Why BMO’s Tony Robson and Jessica Fung Say Buy, Hold Large Caps Until Commodity Cycle Rebounds

The Mining Report: In February, BMO Capital Markets hosted the 24th annual Global Mining & Metals Conference in Hollywood, Florida, where BMO posed the same 15 questions to both mining company managers and professional mining investors. The answers often illustrated a divide between those two camps. Which side has a better grip on reality? And why?

Jessica Fung: The fundamental difference between mining companies and investors is that they have very different realities in which they make investment decisions. Mining companies, by virtue of their operations, have to make long-term decisions. Exploration, engineering and construction of a mine take years, and then it’s in production for decades. So mining companies have to invest through the commodity cycle, but the challenge now is that the development timelines are longer and capital intensity is higher. Investors, for the large part, still invest in line with commodity price cycles, which tend to be shorter term and more volatile. It’s essentially a mismatch in investment timelines.

Tony Robson: High commodity prices would cure most problems, but as Jessica stated, there is a mismatch between the time horizons. A fund manager can have his investment horizons measured over weeks, months, quarters at best, whereas a mining executive has to look out a decade or more.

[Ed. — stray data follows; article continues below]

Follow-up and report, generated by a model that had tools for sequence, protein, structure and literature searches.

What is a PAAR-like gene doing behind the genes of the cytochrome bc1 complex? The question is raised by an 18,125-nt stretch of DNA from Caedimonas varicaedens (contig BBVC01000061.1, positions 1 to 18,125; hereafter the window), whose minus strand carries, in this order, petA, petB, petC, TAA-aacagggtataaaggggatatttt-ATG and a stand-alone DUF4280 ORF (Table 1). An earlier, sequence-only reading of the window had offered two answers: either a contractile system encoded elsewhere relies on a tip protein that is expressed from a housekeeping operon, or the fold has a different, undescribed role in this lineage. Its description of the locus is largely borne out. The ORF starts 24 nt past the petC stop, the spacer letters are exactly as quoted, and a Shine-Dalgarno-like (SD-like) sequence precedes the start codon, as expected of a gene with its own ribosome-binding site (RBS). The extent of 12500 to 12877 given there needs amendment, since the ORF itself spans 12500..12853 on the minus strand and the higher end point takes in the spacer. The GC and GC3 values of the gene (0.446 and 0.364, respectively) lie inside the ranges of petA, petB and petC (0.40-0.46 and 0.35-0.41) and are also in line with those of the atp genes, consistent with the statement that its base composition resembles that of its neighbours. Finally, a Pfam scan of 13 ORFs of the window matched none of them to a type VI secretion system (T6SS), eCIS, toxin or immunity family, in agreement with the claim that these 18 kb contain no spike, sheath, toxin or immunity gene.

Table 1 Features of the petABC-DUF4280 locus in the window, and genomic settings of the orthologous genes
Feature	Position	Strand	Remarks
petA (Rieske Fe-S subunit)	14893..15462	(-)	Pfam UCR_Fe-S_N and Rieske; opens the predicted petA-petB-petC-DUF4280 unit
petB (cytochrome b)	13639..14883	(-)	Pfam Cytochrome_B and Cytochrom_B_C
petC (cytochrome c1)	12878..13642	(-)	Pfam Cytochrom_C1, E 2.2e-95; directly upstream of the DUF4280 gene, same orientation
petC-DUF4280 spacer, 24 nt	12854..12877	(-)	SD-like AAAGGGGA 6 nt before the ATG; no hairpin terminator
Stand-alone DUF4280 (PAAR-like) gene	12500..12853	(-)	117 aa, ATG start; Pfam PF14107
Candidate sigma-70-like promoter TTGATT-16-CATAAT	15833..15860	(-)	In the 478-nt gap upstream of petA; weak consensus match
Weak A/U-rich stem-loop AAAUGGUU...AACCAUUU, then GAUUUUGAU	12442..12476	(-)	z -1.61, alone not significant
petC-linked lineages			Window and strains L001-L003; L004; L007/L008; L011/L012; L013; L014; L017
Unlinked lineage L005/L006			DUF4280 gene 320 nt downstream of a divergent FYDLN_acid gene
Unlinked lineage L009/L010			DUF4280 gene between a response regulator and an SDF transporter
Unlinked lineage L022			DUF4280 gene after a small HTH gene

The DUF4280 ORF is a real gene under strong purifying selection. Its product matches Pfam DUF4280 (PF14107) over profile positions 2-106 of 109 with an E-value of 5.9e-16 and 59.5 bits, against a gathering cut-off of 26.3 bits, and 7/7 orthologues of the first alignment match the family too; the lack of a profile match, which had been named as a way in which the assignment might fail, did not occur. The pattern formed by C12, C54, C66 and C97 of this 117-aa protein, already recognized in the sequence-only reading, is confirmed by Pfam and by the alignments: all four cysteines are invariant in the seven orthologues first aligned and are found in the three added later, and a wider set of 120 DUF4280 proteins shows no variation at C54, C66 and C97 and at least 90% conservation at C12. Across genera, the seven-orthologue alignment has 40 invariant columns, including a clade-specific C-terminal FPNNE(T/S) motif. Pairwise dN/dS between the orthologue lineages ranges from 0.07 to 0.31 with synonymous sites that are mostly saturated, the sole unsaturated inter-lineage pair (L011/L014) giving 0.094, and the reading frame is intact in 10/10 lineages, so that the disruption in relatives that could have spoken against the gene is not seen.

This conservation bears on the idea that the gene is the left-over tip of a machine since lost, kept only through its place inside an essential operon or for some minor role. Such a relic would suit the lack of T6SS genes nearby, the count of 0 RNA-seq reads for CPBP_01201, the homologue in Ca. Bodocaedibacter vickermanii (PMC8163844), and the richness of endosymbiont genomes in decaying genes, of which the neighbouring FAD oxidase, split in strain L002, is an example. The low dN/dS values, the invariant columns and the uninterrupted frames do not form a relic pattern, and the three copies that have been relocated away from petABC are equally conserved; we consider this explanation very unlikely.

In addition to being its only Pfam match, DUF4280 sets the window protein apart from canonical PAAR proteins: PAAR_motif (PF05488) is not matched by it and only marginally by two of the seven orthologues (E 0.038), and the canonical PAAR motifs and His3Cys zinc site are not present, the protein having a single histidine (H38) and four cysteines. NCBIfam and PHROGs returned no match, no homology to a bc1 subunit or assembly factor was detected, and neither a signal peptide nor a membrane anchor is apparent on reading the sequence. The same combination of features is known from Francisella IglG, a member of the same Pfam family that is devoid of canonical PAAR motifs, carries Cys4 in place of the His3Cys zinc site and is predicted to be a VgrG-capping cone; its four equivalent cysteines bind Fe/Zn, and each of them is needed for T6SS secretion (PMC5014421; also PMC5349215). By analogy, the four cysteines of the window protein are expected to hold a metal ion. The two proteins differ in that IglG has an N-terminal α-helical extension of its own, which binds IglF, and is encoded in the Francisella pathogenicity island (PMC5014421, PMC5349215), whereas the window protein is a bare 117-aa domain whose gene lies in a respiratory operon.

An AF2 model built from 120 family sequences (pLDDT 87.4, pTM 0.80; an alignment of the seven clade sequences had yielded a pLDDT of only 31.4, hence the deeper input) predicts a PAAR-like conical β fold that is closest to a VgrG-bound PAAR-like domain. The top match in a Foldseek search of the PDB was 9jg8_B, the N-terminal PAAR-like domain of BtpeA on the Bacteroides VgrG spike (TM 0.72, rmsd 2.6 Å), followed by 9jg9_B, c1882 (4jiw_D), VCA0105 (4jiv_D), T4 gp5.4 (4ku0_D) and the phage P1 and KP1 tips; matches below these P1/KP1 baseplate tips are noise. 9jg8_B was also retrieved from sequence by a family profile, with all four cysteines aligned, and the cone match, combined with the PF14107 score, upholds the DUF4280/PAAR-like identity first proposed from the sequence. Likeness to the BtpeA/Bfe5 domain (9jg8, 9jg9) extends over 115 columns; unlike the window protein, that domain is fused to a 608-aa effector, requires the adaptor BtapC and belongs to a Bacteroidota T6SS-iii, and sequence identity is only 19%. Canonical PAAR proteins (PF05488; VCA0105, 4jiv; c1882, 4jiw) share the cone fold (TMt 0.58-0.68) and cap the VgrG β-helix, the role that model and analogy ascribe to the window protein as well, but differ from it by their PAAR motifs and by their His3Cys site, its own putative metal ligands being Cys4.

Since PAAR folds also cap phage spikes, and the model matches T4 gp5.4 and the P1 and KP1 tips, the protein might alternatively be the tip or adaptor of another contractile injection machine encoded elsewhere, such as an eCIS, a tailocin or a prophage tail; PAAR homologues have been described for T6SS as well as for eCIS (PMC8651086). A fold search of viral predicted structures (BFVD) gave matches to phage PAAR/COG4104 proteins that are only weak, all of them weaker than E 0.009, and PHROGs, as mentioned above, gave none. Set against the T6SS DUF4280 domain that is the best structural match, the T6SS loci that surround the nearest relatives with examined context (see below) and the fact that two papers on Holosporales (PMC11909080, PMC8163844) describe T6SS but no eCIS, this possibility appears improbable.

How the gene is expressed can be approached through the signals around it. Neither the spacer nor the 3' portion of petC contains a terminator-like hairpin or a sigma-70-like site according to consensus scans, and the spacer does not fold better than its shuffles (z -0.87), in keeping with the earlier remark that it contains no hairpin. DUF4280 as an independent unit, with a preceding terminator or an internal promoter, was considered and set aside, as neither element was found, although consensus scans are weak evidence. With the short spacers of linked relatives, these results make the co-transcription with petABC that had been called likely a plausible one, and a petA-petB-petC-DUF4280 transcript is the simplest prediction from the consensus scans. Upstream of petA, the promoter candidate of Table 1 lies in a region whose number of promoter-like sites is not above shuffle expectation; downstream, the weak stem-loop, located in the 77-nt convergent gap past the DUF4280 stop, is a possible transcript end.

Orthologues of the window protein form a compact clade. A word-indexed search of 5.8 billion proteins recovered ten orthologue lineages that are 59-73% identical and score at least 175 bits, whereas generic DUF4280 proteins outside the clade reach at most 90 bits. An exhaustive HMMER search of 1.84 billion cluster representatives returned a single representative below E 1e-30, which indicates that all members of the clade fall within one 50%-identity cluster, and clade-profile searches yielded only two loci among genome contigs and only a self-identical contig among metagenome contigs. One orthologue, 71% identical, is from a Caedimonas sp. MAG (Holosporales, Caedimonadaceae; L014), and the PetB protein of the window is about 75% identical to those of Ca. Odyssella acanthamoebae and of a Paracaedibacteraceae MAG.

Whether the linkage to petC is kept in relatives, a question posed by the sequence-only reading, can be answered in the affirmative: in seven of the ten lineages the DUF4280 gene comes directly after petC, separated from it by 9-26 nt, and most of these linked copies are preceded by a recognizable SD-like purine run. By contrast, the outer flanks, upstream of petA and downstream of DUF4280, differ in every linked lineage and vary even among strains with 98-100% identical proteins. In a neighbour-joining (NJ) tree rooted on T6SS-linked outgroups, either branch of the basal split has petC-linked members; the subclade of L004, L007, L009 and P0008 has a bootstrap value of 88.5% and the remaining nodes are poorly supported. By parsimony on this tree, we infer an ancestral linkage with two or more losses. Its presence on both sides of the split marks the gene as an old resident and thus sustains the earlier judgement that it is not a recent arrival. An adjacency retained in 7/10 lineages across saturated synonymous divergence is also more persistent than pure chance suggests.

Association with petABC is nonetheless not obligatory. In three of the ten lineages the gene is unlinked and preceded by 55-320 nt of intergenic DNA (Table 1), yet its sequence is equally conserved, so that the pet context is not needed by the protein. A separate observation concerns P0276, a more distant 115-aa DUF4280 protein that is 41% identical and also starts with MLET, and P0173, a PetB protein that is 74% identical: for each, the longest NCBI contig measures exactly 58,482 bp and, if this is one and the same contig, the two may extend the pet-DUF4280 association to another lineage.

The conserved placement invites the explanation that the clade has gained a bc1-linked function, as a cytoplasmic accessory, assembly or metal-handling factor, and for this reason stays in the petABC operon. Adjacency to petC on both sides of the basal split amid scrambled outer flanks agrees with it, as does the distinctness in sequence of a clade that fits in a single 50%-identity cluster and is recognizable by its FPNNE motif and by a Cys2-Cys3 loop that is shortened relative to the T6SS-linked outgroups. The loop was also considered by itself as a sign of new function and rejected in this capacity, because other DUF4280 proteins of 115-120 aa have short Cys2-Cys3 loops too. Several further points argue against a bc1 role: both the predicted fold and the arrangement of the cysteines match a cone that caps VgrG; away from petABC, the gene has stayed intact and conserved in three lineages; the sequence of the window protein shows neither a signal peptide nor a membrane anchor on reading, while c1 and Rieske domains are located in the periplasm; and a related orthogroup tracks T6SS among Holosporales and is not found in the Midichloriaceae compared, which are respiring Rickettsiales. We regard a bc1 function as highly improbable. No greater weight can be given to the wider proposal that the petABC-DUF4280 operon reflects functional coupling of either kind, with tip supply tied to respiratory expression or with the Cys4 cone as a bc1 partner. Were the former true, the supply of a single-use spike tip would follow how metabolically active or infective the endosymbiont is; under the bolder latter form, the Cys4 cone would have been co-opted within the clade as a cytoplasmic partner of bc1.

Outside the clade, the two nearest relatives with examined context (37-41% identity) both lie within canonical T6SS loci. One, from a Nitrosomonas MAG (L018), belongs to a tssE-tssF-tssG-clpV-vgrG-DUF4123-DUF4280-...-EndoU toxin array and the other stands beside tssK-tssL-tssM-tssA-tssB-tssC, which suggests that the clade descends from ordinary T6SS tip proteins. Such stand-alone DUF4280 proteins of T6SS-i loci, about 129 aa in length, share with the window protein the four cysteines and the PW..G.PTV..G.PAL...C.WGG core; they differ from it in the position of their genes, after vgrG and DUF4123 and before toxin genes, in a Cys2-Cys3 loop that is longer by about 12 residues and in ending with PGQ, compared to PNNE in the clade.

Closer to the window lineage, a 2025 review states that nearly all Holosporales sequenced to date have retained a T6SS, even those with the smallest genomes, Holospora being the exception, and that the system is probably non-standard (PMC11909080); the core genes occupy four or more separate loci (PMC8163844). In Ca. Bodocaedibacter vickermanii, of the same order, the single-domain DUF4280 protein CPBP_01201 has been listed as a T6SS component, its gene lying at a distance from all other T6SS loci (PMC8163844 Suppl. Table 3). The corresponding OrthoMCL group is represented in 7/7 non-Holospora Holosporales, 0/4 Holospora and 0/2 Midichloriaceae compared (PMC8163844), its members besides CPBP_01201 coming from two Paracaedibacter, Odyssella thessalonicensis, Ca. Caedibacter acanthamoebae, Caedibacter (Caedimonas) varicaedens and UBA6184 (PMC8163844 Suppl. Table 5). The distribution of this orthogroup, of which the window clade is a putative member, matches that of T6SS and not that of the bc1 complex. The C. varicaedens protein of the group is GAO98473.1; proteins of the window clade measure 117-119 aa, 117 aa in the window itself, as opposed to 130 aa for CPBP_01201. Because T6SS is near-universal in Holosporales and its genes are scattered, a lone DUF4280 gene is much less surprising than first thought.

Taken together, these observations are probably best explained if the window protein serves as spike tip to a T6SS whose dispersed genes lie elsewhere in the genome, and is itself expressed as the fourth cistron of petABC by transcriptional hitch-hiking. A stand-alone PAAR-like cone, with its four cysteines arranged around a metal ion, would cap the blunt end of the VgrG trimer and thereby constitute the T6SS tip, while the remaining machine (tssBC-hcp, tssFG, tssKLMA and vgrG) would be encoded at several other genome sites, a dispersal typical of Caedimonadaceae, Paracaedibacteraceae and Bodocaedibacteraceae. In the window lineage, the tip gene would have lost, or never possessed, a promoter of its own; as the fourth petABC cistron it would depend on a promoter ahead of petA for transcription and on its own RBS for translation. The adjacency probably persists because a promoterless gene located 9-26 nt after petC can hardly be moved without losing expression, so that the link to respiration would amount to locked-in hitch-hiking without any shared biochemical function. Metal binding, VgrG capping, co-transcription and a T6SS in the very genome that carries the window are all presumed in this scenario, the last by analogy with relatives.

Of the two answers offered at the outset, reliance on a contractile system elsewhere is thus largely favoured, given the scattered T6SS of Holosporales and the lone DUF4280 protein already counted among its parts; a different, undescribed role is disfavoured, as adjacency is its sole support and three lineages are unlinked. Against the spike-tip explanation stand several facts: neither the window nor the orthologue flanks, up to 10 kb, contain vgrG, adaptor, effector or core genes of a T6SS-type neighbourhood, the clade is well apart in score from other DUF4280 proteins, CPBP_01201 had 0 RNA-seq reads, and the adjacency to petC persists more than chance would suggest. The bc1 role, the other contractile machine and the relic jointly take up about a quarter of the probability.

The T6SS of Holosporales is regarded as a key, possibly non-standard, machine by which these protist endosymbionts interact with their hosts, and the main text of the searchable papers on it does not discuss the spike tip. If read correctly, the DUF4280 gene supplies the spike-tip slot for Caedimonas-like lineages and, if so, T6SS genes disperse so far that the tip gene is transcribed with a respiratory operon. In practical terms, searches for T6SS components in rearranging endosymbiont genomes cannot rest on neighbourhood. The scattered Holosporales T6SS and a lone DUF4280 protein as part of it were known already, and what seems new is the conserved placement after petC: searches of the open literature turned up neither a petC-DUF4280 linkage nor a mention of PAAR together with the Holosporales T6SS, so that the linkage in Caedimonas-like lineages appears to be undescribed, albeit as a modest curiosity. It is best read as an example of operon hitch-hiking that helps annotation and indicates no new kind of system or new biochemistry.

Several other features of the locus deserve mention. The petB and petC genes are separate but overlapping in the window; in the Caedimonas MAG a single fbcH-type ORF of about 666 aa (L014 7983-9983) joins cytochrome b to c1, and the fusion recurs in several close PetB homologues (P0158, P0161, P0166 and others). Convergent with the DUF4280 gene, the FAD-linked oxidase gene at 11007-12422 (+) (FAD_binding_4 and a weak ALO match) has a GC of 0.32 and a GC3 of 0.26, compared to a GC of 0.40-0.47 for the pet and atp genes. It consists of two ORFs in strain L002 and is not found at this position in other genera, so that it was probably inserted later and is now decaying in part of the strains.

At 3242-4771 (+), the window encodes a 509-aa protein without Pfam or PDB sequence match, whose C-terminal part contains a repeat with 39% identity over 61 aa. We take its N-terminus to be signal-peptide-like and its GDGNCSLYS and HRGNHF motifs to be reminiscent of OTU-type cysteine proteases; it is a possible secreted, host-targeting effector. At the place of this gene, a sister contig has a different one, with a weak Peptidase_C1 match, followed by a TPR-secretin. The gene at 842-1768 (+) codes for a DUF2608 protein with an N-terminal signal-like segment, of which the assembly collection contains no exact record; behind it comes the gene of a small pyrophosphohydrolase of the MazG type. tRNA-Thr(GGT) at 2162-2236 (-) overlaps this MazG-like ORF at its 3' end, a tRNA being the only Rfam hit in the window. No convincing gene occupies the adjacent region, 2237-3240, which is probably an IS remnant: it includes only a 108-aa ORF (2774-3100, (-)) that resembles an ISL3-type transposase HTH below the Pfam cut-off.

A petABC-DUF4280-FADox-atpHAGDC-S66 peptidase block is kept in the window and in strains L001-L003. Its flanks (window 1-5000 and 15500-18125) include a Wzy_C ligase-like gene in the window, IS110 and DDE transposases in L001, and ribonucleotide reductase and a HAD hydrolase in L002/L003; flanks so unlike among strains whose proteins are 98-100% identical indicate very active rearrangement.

TMR: Timelines aside, do you think that these two groups have a firm understanding of each other’s needs?

TR: When you look at the 15 questions we posed at the BMO Global Metals & Mining Conference, there were certainly large gaps between the responses from the investment executives and from the mining executives. Some of those gaps will always remain, but greater dialogue could certainly assist in bringing those two groups closer together.

TMR: Would higher commodity prices get investors and mining managers closer to the same page?

TR: There is nothing like rising commodity …read more

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